Great Character

I also came to admire him as a person. The business relationship was secondary. When I chat with him, he makes me better. And that, by itself, was worth the effort to get him to join. Also, we both share a passion for helping abandoned teens. I was raised by a single mother and I’ve been doing whatever I can for young men over the past several years. I still recall having lunch with him and our CEO and hearing Kevin pour out his heart about his work for distressed teens. He was a foster parent for 13 years and fostered 24 teenage boys! He continues to mentor a myriad of at-risk teenagers in various programs. His comments left a mark. And whenever I’ve had interactions with him as a competitor, he along with his other partners were always incredibly gracious. I always tell my prospective clients, there are about 5 good MLM attorneys out there. KG was one of them.

Great Lawyer

Aside from being a good person, he’s a great lawyer. He’s been working with network marketing companies for over 22 years, with a few $1B+ clients under his belt. His experience is vast and he’s not afraid to acknowledge the challenges facing the industry today. He’s seen the industry evolve over the past two decades, going from very little startup activity to the environment we’re seeing today. He’s also been part of over 3 significant regulatory matters.

One more thing, and I’ll stop bragging about him: he’s not afraid to poke around and explore opportunities. He does different things, and they all revolve around education. He was the first to create a compliance training module, which consisted of over 4 hours of footage and 47 separate video segments. It was deep!

Speaking of the compliance training….yes, it landed him in hot water. And he’s dealing with it. For the uninitiated, Kevin Grimes was sued by the Receiver in Zeek Rewards for, among other reasons, improperly providing Zeek Rewards with compliance training. The gist of the complaint: KG allegedly improperly sold compliance training to a company that he should’ve known was unfixable (Zeek Rewards paid for his compliance training). It’s one of the reasons why he’s no longer with Grimes & Reese, now R&R Law Group. With that being said, he’s gone close to 29 years without a bar complaint filed by a disgruntled client (it happens to the best of us, eventually). But Kevin…he’s got a great record and I know with 100% certainty that Kevin’s skill is unmatched by anybody else in the country. So regarding those challenges he’s facing, he’s going to make his positions clear soon. It’s a shame that the public doesn’t know him better, but that’ll change over time.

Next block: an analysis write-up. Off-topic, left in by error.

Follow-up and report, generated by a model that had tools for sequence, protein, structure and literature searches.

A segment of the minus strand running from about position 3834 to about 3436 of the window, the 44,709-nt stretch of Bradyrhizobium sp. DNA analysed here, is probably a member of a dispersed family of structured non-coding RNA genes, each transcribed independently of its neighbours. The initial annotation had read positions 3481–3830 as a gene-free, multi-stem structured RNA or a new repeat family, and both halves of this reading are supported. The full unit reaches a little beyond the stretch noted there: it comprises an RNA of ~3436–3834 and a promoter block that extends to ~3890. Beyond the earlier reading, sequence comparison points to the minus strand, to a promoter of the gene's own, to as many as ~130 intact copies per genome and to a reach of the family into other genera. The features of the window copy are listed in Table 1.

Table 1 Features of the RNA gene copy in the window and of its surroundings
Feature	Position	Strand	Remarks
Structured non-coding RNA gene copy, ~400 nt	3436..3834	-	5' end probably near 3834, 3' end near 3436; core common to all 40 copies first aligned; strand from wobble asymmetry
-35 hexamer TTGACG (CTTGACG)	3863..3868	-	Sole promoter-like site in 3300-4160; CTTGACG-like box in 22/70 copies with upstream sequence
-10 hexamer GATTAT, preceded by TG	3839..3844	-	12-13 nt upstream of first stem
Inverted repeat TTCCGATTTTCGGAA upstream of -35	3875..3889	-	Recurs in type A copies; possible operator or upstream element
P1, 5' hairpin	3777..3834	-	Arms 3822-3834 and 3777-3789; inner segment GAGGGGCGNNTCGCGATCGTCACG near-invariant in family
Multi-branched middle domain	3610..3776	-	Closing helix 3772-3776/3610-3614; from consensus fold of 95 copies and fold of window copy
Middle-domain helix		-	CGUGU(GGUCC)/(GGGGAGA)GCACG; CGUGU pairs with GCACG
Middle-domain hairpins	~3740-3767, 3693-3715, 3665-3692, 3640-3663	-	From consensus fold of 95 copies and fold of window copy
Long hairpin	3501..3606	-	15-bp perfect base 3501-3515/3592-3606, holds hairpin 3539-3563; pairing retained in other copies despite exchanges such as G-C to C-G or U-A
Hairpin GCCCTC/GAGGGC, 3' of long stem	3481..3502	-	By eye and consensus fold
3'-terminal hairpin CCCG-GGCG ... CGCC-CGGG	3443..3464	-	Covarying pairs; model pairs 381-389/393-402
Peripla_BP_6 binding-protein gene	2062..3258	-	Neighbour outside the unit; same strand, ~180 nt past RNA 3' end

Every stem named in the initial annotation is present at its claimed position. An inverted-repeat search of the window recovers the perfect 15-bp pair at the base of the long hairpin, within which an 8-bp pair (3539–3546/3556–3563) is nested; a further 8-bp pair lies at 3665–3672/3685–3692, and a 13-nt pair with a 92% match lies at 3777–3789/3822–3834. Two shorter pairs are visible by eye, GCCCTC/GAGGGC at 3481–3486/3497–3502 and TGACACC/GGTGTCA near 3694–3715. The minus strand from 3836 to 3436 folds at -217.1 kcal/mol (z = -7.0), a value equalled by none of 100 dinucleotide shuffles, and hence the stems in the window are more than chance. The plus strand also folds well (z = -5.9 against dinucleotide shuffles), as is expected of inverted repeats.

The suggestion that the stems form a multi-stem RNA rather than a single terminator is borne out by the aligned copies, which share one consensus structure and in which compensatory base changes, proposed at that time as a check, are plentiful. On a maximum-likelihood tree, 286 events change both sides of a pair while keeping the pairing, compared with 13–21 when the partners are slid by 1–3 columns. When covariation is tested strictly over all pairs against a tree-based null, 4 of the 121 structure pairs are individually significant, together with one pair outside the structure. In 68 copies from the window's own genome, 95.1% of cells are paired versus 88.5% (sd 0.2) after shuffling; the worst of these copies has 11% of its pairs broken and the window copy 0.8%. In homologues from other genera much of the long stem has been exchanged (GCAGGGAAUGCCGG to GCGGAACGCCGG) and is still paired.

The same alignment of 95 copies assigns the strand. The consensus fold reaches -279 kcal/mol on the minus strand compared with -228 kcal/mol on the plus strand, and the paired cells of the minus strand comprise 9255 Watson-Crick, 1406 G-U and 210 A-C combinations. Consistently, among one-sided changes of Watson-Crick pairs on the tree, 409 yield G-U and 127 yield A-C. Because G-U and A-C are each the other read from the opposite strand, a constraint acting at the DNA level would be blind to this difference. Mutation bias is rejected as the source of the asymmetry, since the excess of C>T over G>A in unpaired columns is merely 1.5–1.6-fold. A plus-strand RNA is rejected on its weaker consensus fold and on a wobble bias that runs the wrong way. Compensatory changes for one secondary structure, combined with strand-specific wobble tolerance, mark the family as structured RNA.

As for me, I’ve been a lone operator in MLM law for close to eight years. I’ve literally had to reinvent the wheel, and it’s been a good exercise for me and it’s been good for the clients. Now, it’s refreshing to have an extra set of eyes on these matters. He’s got more gray hairs than myself and his feedback is going to be priceless.

Another point: Kevin is going to focus a lot on his FDA law practice. There’s huge opportunity there to be “the guy” and Kevin is the guru when it comes to FDA regulations. In fact, he wrote a 430+ page ebook regarding dietary supplement marketing.